Maybe you've never made an omelet, so you are unable to appreciate the skills required, or you've attempted one and said, "Never again!" I've had my share of disasters that looked very much like my daughter Lisa's attempt...
Making an omelet is on my "bucket list"... things I want to accomplish before I "kick the bucket". So I read as much as I could and watched Food Network everytime I got wind of a segment on omelets. I tried and tried again (not on my B&B guests) using newfound tips until my success has proven consistent enough to share what I learned. I always find Alton Brown from Good Eats on the Food Network Channel to be so helpful because he explains why you need to do things a certain way. I will share my notes from his most recent segment interspersed with tips I've learned here and there. I use a combo of whole eggs and egg whites in my omelet because, despite a yolk being the source of cholesterol, it is jam-packed full of important nutrients. So as not to overload on cholesterol in one day, I pump up the volume by adding in egg whites. This is an Applegate Farms uncured turkey bacon and cheese omelet that I made this morning for breakfast.
French Omelet Serves 2
5 eggs, warmed in hot tap water for 5 minutes (You'll be using 3 whole eggs and 2 egg whites.)
2 tbsp milk or water, optional
1 tbsp room temperature butter
non-stick pan with gently sloped sides
Eggs are warmed to bring them to room temperature so they don’t cool the heated pan. Room temperature butter is used so that it melts evenly in the pan. Otherwise, by the time the last bit of butter melts, the first melted butter is starting to burn. Crack 3 room temperature whole eggs plus 2 egg whites in bowl, then add milk or water (optional) and salt. Blend with fork. Alton suggests using a fork rather than a whisk to prevent excess air bubbles. Heat an 8 or 10-inch non-stick pan over medium to high heat. (I use low heat to prevent browing the omelet.) The omelet’s thickness is determined by which of the two sizes you choose to use. Once the pan is hot, add olive oil or room temperature butter (it should sizzle gently) and swirl the pan to distribute the butter as it melts. If you like, you can use clarified butter which is “butter that has had the milk solids and water removed. One advantage of clarified butter is that it has a much higher smoke point, so you can cook with it at higher temperatures without it browning and burning. Also, without the milk solids, clarified butter can be kept for much longer without going rancid.” (www.ochef.com) Once the butter foams (it should not be browned), turn the heat down and pour eggs into center of pan. Stir vigorously with rubber spatula for 5 seconds as you gently shake the pan back and forth to cook evenly. As soon as a semi-solid mass begins to form, lift pan and swirl around until the excess liquid pours off into pan so the top layer of uncooked egg can reach the pan’s heat. This step also prevents the eggs from browning on the bottom. Using your spatula, move around the edge of the egg mixture (sweep) to loosen edge. Let omelet sit in pan 10 seconds without touching. Shake pan to loosen omelet. If using an 8"pan, the omelet is thicker and therefore more difficult to cook the top layer. Through trial and error, I found that placing it in a 275 degree oven for about 5 minutes, at this point in the process, ensures that the eggs are fully cooked without producing a browned top or underside. (The thicker omelet produces a fluffiness less attainable with the thinner omelet produced when using a 10" pan. That's why I go through this extra trouble.) Lift up the far edge of the pan (the side opposite the handle) and snap it back towards you to fold over 1/3 of the omelet. I haven’t mastered this movement yet, so I just took my spatula and folded it over. Alton then sprinkled fillings on the remaining 2/3 of the omelet. If you look at my photo, you will see that doing it this way produces one layer with no fillings, so I prefer scattering the fillings over the entire surface of the omelet then fold over 1/3 of the omelet. This makes a fatter roll. You can also scatter the fillings down the center. Slide omelet onto plate and fold over so that the omelet is a tri-fold. (The folding over takes place as you slide the omelet out of the pan.) Lightly coat the top with melted butter or olive oil so that a sprinkling of herbs will adhere to it. I can’t remember where I saw it done, and I forgot to do it for this photo but, if you cut the omelet diagonally rather than straight across, it makes a prettier presentation. You can even stand smaller chunks (by cutting omelet into 4 pieces instead of 2) on end for a different look yet. Keep practicing. It will so be worth the effort when one day you have mastered the omelet and breakfast will never be quite the same again.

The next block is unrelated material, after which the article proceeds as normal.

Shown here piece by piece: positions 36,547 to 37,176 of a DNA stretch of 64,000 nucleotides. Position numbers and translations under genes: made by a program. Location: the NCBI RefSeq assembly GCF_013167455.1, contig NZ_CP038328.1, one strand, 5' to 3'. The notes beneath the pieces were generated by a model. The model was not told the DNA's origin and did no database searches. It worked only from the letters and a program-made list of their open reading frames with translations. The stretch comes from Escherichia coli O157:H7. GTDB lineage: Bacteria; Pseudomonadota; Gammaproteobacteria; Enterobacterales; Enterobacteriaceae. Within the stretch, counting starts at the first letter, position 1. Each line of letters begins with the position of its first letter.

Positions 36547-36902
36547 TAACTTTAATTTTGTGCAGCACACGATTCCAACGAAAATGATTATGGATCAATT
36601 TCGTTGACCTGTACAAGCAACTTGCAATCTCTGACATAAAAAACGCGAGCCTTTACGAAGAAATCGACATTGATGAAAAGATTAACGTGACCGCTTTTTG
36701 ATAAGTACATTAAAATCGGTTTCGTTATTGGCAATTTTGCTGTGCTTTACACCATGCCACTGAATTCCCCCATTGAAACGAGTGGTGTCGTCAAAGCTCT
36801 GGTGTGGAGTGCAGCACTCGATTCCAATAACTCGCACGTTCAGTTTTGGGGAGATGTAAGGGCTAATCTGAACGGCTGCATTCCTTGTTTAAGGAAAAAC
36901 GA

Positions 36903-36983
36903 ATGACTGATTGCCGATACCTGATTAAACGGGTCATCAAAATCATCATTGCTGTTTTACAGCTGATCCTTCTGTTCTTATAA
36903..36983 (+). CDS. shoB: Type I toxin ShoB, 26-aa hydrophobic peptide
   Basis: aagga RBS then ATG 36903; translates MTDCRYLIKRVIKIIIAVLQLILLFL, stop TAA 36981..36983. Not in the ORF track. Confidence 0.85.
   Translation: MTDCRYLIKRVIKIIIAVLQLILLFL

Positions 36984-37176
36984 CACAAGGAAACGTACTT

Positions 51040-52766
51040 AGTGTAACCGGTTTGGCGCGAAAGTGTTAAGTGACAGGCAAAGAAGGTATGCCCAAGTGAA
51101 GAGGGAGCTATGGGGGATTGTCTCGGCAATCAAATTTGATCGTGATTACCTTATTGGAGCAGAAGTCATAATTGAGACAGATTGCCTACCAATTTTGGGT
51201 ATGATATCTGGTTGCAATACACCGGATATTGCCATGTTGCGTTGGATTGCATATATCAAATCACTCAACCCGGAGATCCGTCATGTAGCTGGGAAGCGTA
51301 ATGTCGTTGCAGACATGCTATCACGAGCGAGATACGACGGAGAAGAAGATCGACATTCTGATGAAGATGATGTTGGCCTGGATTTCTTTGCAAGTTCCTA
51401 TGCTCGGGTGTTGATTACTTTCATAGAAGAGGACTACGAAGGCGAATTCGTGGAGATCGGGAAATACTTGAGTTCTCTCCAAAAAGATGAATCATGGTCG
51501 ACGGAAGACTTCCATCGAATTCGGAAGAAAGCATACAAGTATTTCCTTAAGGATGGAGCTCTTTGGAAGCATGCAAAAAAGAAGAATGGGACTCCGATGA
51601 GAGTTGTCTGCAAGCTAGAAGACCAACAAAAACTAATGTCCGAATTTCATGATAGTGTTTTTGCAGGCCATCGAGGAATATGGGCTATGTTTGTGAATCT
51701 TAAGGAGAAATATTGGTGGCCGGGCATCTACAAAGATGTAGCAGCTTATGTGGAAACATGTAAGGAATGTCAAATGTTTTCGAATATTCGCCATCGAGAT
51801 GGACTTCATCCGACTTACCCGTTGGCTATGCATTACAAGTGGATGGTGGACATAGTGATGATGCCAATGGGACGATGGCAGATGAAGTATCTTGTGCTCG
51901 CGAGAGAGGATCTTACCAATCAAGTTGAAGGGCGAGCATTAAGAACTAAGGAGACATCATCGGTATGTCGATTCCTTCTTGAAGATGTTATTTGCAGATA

April 9, 2009
Today's mileage: 2-mile walk
Total mileage for April: 29.25 miles
Bible reading? Yes.